6. [Oncological data elements in histopathology].

    PubMed

    Haroske, G; Kramm, T; Mörz, M; Oberholzer, M

    2010-09-01

    In order to cope with increasing demands to supply information to a variety of documentation systems outside pathology, pathologists need to set standards both for the content and the use of the information they generate. Oncological datasets based on a set vocabulary are urgently required for use both in pathology and in further processing. Data elements were defined according to German pathology report guidelines for colorectal cancers in line with ISO 11179 requirements for the relations between data element concepts and value domains, as well as for further formal conditions, which can be exported in XML together with metadata information. Tests on 100 conventionally written diagnoses showed their principal usability and an increasing degree of guideline conformity in diagnoses commensurate with training time. This set of oncological data elements is a valuable checklist tool for pathologists, enabling formatted information export for further use and saving documentation effort.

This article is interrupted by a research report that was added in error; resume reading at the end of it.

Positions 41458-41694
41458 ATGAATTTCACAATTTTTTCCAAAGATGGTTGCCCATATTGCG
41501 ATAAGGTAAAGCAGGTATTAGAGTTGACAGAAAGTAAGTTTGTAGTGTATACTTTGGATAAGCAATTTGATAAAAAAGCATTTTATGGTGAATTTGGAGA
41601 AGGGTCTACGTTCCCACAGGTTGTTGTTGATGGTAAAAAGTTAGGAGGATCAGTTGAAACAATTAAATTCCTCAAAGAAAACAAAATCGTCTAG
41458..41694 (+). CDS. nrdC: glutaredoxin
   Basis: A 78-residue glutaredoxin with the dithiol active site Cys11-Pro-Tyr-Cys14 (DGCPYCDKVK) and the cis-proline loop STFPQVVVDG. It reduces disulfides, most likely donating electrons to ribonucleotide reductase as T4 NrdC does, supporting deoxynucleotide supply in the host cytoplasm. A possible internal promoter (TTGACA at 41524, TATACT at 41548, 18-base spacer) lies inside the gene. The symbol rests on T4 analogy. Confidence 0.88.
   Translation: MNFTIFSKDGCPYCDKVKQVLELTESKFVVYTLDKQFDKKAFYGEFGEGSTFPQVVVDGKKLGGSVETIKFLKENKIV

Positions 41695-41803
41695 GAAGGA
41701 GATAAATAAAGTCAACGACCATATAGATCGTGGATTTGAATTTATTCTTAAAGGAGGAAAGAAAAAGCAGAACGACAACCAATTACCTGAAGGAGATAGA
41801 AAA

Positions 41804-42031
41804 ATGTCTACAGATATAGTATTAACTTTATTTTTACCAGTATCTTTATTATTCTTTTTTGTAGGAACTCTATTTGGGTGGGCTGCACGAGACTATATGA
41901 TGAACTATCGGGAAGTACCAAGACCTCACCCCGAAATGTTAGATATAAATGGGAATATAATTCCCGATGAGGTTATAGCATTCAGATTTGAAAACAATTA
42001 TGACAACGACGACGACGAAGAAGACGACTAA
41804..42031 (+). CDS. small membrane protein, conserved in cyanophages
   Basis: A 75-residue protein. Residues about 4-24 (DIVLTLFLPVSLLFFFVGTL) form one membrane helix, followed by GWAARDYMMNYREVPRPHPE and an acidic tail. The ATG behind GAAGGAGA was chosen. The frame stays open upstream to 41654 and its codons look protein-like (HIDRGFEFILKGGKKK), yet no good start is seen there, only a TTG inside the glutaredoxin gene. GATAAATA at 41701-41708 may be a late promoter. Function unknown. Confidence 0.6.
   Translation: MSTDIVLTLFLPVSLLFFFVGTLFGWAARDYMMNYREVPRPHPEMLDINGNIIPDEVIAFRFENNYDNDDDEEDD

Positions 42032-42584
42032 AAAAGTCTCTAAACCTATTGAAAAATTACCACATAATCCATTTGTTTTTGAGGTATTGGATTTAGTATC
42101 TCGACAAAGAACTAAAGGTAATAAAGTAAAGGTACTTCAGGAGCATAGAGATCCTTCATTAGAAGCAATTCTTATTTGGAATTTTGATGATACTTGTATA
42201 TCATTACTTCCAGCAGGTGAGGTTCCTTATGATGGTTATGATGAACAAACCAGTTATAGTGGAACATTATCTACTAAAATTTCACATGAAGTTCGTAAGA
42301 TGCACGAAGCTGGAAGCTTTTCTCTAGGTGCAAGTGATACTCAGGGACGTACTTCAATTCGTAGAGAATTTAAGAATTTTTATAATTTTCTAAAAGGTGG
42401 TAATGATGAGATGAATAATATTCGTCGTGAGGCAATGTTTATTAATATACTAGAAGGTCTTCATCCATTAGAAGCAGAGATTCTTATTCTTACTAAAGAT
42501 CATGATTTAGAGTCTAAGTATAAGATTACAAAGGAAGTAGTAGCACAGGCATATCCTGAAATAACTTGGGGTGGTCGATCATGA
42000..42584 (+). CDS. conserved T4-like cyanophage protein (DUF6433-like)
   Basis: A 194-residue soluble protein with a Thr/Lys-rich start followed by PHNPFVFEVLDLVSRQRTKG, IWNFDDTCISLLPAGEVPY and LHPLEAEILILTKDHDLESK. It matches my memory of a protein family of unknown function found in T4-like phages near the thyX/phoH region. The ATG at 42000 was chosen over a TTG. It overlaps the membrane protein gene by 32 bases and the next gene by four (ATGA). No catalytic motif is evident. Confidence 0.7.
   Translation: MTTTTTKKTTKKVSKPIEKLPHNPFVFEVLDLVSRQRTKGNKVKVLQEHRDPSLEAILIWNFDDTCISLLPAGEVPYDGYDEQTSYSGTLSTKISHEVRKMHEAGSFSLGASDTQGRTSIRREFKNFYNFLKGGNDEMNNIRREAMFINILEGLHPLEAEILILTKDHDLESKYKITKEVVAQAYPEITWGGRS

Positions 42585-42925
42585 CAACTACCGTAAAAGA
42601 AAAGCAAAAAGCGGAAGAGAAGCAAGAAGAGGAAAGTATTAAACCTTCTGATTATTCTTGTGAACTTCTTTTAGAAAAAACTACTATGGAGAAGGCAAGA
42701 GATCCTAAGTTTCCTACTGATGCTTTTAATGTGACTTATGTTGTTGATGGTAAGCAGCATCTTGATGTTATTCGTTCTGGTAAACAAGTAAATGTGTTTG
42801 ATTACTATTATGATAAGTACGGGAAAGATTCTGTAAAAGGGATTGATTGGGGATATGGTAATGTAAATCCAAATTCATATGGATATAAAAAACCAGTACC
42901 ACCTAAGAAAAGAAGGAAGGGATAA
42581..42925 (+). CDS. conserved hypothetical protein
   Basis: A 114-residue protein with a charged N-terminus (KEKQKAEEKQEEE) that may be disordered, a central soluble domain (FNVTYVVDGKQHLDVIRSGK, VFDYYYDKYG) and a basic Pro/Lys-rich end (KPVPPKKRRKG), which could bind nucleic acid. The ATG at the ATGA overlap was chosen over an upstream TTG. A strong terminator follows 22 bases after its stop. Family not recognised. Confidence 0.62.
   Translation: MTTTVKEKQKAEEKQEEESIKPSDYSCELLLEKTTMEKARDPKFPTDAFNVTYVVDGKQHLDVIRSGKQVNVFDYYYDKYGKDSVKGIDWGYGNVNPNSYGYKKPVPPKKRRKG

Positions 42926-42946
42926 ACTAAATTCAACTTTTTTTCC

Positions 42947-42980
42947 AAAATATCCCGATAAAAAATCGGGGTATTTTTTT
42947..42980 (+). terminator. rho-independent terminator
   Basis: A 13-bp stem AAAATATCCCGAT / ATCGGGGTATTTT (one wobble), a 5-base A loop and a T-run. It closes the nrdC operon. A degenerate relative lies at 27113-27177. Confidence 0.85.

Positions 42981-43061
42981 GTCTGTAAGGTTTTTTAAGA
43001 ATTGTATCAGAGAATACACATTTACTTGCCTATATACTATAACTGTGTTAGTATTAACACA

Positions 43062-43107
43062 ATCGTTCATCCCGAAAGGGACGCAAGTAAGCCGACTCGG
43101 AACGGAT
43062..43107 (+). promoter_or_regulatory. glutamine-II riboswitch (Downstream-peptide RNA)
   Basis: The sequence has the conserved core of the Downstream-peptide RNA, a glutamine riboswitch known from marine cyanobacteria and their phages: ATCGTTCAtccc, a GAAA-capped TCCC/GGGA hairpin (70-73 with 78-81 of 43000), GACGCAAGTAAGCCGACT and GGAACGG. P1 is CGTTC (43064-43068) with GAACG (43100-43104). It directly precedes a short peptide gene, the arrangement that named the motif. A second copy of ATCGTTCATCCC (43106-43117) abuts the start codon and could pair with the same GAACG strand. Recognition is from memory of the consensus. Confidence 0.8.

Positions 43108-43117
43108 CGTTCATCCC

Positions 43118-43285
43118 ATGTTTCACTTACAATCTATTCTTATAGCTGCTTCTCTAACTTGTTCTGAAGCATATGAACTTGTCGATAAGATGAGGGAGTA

7. DSSTox ToxCast and Tox21 Chemical Inventories: Laying the Foundation for the U.S. EPA’s Computational Toxicology Research Programs

    EPA Science Inventory

    High quality chemical structure inventories provide the foundation of the U.S. EPA’s ToxCast and Tox21 projects, which are employing high-throughput technologies to screen thousands of chemicals in hundreds of biochemical and cell-based assays, probing a wide diversity of targets...

  8. Mentoring future Kenyan oncology researchers

    PubMed Central

    2013-01-01

    This is a summary of the 1st Academic Model Providing Access to Healthcare (AMPATH) Oncology Institute research grant writing workshop organized in collaboration with the Kenya Medical Research Institute (KEMRI) and held in Kisumu, Kenya from January 16th to 18th, 2013. The goal of this meeting was to mentor future Kenyan scientists and prioritize research topics that would lead to improved cancer care and survival for the citizens of Kenya. PMID:24099090

  9. Orthodontic treatment in oncological patients.

    PubMed

    Mituś-Kenig, Maria; Łoboda, Magdalena; Marcinkowska-Mituś, Agata; Durka-Zajac, Magdalena; Pawłowska, Elzbieta

    2015-01-01